The light came from three speedlights, all controlled with the PocketWizard FlexTT5 transceivers. They in turn were controlled via an on-camera FlexTT5 (for Nikon), with an AC3 Zone Controller piggy-backing on the TT5. Using the AC3 Controller made it a breeze to control the output (and mode) of each of the three speedlights. I could switch any of them to manual, or to TTL. I could control the TTL units’ Flash Exposure Compensation from the ACR3.  And I could control the manual output, if I had decided to switch the speedlight to manual mode.  All from my camera …

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adding bounce flash to ambient light

Using images from a past workshop, I want to explain a simple concept with flash photography on location. In workshops and seminars I quite often describe the flash as ‘riding on top of’ the available light exposure. It’s just another way of describing the usual technique of under-exposing the ambient light somewhat, and then using flash to give correct exposure. We can thereby control the final look of the image by controlling the direction of light from our flash.

By using flash like this, we can use the flash to ‘clean up’ the light in the photograph.

This photograph of Crystal, our model at this workshop, was taken during the early evening. We were working outside, using some of the found surfaces to bounce flash off.  The trick here is to find that combination of bounceable surface, a good background, and then to position your model so that the additional light from the flash adds to the final image. What I like about this specific image is how the sign (and the reflection of the sign) outside the hotel creates a halo around Crystal.

Here is the image without flash, and also a pull-back image to see what surface I bounced the flash off ..

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why should you use a higher ISO?

The advice for optimal camera settings for best image quality are usually:
- use the lowest possible ISO:
- at an aperture about 3 stops down from maximum (the widest) aperture;
- at a shutter speed fast enough to avoid camera shake and unintentional subject movement.

Taking this general advice at face value, means using the camera at its base ISO, which would either be 100 ISO or 200 ISO. However, while this advice is sound in theory, in practice this doesn’t have direct consequence on my decision about my camera settings.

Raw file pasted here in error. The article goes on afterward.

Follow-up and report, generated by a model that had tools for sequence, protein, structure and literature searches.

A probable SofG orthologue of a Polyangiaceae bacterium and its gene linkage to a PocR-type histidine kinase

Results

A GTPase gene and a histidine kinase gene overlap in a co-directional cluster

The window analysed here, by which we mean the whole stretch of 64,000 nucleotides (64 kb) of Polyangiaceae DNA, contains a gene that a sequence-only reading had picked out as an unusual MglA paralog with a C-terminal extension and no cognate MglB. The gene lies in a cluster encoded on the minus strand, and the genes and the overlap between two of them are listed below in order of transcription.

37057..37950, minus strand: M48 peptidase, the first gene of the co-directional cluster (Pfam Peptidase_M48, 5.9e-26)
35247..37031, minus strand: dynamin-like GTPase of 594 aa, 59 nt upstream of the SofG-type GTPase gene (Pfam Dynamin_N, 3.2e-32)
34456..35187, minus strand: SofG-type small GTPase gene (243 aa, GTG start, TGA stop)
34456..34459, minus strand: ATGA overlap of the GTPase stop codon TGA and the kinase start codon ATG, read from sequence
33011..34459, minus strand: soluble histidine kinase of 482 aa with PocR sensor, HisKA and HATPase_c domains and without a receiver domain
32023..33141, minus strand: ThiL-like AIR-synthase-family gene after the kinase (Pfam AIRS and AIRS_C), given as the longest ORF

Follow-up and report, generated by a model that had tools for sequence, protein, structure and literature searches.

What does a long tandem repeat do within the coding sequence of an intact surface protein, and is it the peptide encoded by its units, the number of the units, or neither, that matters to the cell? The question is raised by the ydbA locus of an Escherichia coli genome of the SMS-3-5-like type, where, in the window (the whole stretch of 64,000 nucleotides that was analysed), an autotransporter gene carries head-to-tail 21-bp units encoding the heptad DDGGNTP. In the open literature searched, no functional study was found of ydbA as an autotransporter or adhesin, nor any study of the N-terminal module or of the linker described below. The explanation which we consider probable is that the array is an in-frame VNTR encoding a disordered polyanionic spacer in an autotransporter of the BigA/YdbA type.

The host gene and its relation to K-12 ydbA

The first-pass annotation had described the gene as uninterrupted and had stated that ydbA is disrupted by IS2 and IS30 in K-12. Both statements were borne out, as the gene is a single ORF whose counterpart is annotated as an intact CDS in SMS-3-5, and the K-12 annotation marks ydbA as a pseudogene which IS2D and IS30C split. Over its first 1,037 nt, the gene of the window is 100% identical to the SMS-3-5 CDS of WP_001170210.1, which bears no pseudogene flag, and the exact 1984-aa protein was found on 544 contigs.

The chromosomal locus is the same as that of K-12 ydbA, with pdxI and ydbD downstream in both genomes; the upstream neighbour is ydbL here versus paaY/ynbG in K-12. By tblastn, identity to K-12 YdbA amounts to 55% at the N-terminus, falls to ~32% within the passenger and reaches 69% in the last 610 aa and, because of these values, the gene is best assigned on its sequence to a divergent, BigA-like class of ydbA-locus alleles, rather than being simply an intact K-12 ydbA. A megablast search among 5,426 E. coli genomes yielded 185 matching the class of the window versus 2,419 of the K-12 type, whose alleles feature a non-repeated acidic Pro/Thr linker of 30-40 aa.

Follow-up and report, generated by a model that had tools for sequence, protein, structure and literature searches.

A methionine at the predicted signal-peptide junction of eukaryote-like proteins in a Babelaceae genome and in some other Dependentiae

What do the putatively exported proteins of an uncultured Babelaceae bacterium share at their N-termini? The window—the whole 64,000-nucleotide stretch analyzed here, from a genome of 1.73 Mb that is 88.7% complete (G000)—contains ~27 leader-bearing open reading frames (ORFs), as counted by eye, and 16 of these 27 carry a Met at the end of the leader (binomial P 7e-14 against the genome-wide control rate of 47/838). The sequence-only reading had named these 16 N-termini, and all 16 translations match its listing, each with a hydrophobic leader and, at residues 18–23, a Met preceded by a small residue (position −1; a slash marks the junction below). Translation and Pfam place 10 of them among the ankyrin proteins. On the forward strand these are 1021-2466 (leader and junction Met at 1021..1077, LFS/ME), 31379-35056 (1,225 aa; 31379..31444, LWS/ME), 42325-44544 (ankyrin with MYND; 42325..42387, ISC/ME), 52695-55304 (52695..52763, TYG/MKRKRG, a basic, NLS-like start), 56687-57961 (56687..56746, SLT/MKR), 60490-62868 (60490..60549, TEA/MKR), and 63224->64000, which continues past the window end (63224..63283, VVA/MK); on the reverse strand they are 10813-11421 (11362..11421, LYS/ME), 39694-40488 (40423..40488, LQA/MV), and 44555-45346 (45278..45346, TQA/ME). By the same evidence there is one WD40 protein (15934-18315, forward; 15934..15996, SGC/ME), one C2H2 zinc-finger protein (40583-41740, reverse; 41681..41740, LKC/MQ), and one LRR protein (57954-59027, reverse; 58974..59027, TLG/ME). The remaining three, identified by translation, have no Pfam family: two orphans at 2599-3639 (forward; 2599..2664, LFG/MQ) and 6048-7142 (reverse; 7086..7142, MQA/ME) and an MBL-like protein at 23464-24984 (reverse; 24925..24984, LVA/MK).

In terms of exposure settings, we obviously want correct exposure, even if ‘correct exposure’ is open to interpretation.  Now if we are using only available light, then we have what we have for that specific scenario. If the ambient light is low, we would need a higher ISO / wider aperture / slower shutter speed.  There’s no wriggle room here.

But if we’re using flash, why not use the flash to give us correct exposure at these optimal settings?  Why would we even go to a higher ISO?

The reason: when using flash on location, I am mostly concerned about balancing my flash with the ambient light. Or somehow taking my ambient light into account to give some context.  It just looks better!

Let’s get back to the photograph at the top:

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comparison between a softbox, a white shoot-through umbrella and a bounce umbrella

I’ve had several requests from readers of the Tangents blog about how the light from a softbox would differ from the light from an umbrella. Spurred on by that, and by my own curiosity, I met up a while ago with my favorite model, Anelisa, specifically to do comparison shots.

And here it is …

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My friend Chuck Arlund is a Fashion Photographer whose elegant photography is something I always admire. Chuck’s previous guest spots here have been well received. His article on  simple on-location lighting techniques using a reflector & flash, was especially popular. Therefore I’m really glad that Chuck is graciously sharing with us how he came to shoot this stunning photograph for Parasuco.

Do check out Chuck’s website and blog for more of his stunning photography.

Fashion photo shoot, using multiple lights

by Chuck Arlund

Hey there everyone!  I have been working with a celebrity stylist and we have shot a few fun projects together. Just for our books. She uses Parasuco a lot for her clients, like Bon Jovi. One of the images we shot was pretty cool of the model wearing some of their jeans. She sent it to them to show what she was doing. They loved it.

A few weeks later the MUA of the original shoot wanted to do some beauty shots. Parasuco had sent some stuff to the stylist for us to shoot and see how it looked. During the beauty shoot we did some shots for Parasuco. After I had processed a few we sent them to the company. They really loved them and ended up purchasing a year license to use this image. It will be a billboard in the airport in Berlin and trade show magazine adverts.

Here is the tutorial explaining the setup for this shot. I used multiple lights …